According to CNA Lifestyle, the rental rates for condos also depend on the region of Singapore you’re looking at:
- $2,100 to $2,600 for areas outside the central region (OCR)
- $3,500 to $4,200 for the rest of the central region (RCR)
- $5,000 to $8,000 for the core central region (CRC) and Sentosa
If you’re not planning to rent an entire unit on your own, and would like to figure out the monthly rent for just one room, simply do quick maths and divide the total rental amount by the number of bedrooms or potential roommates. That’s the monthly amount you’ll have to fork out.
And speaking of roommates…
To roommate or not to roommate?
Whether or not you have roommates will determine just how much you’ll pay per month in rental.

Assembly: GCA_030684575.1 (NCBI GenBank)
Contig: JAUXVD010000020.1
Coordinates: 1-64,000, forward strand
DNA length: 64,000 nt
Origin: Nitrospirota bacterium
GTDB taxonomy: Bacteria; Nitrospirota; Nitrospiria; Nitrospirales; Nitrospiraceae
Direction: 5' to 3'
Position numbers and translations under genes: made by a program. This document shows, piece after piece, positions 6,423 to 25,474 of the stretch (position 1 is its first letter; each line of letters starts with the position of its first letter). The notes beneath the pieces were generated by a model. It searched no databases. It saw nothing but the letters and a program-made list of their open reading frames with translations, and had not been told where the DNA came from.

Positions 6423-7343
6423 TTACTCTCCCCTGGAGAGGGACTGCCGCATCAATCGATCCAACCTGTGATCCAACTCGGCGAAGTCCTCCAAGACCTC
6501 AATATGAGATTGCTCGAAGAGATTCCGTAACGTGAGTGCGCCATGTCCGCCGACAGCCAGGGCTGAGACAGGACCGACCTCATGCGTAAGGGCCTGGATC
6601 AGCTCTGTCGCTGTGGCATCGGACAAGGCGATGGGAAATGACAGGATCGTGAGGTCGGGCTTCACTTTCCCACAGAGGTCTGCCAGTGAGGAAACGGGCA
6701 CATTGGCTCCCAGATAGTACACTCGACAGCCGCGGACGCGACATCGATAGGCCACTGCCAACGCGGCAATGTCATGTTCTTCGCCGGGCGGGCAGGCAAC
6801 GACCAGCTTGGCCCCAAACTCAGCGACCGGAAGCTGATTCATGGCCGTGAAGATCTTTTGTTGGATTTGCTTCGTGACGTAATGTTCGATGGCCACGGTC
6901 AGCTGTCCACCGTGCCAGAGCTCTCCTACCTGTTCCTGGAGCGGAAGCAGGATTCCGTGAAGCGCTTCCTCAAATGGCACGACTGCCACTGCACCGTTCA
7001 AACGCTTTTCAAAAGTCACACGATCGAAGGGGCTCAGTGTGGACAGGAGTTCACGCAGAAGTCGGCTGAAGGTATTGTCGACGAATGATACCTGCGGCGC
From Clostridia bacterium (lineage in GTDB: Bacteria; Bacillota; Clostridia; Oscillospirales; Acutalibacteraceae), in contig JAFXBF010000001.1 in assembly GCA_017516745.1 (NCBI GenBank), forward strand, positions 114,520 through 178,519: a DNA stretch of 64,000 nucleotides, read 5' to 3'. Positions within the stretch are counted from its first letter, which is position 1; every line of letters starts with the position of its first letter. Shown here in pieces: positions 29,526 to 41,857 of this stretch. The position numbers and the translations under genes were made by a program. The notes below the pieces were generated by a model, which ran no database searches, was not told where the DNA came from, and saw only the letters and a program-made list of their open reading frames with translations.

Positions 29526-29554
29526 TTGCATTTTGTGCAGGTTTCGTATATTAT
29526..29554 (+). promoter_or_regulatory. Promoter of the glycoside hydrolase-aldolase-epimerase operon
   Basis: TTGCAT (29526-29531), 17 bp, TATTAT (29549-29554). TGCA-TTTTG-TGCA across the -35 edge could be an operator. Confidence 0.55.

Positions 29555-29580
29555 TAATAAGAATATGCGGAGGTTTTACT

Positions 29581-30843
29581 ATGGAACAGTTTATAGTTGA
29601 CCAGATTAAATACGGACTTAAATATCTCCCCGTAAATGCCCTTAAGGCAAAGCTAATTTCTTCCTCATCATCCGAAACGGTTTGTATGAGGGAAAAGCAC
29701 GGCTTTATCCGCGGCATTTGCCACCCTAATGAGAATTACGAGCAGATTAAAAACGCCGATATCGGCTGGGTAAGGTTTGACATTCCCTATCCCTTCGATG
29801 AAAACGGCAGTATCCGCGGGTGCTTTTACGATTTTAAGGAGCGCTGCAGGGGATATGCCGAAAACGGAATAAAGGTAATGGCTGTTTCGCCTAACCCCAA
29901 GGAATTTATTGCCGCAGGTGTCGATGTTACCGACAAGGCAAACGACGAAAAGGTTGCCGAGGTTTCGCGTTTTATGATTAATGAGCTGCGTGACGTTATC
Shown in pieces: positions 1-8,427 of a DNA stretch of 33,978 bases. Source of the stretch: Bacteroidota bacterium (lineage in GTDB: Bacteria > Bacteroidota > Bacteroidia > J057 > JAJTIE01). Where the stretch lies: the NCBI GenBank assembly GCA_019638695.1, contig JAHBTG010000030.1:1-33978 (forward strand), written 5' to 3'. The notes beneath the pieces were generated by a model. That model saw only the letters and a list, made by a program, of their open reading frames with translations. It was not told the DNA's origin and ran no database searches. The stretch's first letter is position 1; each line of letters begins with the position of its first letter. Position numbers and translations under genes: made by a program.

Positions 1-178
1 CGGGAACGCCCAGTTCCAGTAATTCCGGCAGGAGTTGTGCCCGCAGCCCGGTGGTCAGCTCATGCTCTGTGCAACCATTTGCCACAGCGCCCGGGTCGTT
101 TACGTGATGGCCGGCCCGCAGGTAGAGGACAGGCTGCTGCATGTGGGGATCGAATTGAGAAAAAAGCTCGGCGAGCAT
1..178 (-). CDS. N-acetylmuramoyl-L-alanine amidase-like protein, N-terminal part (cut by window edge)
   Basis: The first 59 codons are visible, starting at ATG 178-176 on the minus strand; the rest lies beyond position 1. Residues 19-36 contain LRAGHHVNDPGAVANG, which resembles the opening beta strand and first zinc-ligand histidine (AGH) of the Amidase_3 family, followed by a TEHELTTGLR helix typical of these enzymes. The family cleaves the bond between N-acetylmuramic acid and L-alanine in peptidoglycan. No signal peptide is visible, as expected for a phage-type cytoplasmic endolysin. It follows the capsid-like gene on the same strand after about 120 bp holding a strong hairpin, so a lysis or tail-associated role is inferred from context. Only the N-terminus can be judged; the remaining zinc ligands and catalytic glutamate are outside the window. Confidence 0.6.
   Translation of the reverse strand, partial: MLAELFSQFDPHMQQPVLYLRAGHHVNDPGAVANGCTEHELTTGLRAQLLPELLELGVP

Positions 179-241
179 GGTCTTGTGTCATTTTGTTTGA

Though roommates would make sense if you are exercising financial prudence, you have to consider whether you’re comfortable sharing a flat with total strangers, or even your landlord.
If not, you’ll have to either rope in a bunch of friends to be your roomies, which could potentially sour your relationships, or rent a flat all on your own. And let’s be real: not a lot of us have the income or the budget to afford living alone.
Are you emergency-ready?
We can’t emphasise this enough: striking it out on your own and moving out means you’ll need to be doubly prepared for when disaster strikes.
Without an emergency fund (of about three to six months’ worth of monthly expenses) to fall back on when life takes an unexpected turn, you might cripple your rent-paying abilities if you’re forced to draw from your income to pay off medical bills or some other emergency.